ANEGONDI

 

Anegondi (Anegondi)(ಆನೆಗೊಂದಿ) is a small town, in the Gangavathi talluk of Koppala district. This is located at a distance of about ten kilometers from Hospet of Hampi fame towards the left bank of Tungabhadra River (North banks). The name Anegondi is attributed to the fact that kings of Vijayanagar had the elephant contingent of their army at this place. This place was also known as Hastinavati, Kunjarakona and Kishkinda at different points of time in history and mythology. Arabian travelers have referred to Anegondi as ‘nAgunDim’ and Pais the traveler from Portugal calls it ‘sEnagondim’. This is in a rocky region and acts as a natural fortress providing protection from enemies. Consequently, it was chosen as their capital city by kings belonging to different dynasties. This place has played a crucial role both before and after the formation of the Vijayanagar dynasty. Kampilaraya and Kumara Rama confronted Mallikafar a commander of Allauddin Khilji at this place. Later on it was a part of Vijayanagar Kingdom. It was ruled by the kings of Araveedu dynasty after the fall of Vijayanagara. Srirangaraya of Anegondi is deemed to have built the fortress and the temple at Srirangapattana in the 15th century. It was ruled by the Shahi dynasty of Bijapur, Mughals and Marathas during the 16th and 17th centuries. It was invaded by Tipu Sultan in 1777A.D. and later came under the British rule. They handed it over to the kings of Anegondi who were in charge of it till 1949.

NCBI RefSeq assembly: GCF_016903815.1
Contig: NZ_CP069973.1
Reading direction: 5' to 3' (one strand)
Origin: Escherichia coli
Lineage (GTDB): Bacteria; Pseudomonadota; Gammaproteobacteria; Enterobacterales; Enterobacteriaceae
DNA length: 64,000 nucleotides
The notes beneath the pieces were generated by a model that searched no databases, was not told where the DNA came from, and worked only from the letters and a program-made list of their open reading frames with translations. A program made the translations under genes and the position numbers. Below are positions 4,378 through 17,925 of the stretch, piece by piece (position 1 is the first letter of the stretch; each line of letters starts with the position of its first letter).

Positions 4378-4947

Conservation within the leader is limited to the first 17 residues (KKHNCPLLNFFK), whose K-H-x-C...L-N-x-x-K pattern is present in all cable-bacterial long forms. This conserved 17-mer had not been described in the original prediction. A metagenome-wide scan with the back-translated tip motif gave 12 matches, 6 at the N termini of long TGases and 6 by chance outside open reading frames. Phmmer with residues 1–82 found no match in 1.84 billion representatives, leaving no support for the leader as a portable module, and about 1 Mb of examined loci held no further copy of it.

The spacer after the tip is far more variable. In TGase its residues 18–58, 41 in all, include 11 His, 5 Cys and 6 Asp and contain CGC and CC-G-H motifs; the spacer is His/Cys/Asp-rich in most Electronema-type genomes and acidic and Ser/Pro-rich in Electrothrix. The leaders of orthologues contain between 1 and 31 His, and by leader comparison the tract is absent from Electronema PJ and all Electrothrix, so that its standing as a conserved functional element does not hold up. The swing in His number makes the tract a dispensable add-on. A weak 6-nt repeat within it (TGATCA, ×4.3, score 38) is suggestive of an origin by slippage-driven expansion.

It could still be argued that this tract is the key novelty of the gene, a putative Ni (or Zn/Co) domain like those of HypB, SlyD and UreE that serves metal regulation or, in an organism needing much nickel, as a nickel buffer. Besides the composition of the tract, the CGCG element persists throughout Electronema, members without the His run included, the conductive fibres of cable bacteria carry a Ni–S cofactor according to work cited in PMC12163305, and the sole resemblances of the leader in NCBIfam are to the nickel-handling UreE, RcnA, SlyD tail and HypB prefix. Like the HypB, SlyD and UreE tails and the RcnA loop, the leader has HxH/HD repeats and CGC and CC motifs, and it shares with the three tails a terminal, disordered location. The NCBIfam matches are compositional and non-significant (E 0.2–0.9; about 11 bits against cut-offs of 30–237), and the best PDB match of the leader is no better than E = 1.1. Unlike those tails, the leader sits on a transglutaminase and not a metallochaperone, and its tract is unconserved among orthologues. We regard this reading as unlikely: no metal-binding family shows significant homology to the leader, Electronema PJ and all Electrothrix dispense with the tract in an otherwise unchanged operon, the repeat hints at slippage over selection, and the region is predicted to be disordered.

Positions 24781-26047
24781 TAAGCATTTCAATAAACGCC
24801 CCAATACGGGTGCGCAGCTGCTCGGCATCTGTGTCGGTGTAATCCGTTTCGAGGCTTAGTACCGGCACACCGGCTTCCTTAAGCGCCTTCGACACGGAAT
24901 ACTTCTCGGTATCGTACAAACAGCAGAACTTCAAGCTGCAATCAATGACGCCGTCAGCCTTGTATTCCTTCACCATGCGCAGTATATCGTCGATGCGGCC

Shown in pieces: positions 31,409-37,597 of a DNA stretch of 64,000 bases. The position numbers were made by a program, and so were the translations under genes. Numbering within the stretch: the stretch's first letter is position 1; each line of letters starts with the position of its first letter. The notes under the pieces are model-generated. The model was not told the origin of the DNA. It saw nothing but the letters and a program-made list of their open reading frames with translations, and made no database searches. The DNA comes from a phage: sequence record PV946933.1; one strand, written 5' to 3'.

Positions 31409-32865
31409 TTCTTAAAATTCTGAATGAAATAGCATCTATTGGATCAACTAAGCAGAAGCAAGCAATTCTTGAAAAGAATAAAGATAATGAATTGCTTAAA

Anegondi houses nine Vrundavanas of Madhva seers and they are called Nava Brindavanas. There are many places of tourist attraction in Anegondi such as Pampa sarovar, (pampA sarOvara) Sheshashayee temple, Vaali Bhandara, Anjaneyadri, (The hill top Hanuman temple) Gagana Mahal, Ranganatha temple, Rishymuka hill, Chandramouleshvara temple near the ruined bridge, Jaina basadi and an old palace. The ruins of Anegondi fort are scattered around. The wall paintings of Huchchappaiah Math are worth seeing.  

 

Reference:

Anegondi; Architectural Ethnography of a Royal Village by Tobert, Natalie (Illustrated by Reed, Graham) 2000, pp. 241

About the book: This innovative multidisciplanary study, which draws on anthropology, architecture and ethno-archaeology, focuses on the inhabitants and dwellings of a royal village in central Karnataka, only a short distance away form the ruins of Vijayanagara. With more than one hundred annotated drawings this volume presents a detailed survey of over fifty houses, ranging from simple one-roomed dwellings to elaborate mansions inhabited by the descendants of the ruling houses of Anegondi.

    

 

 

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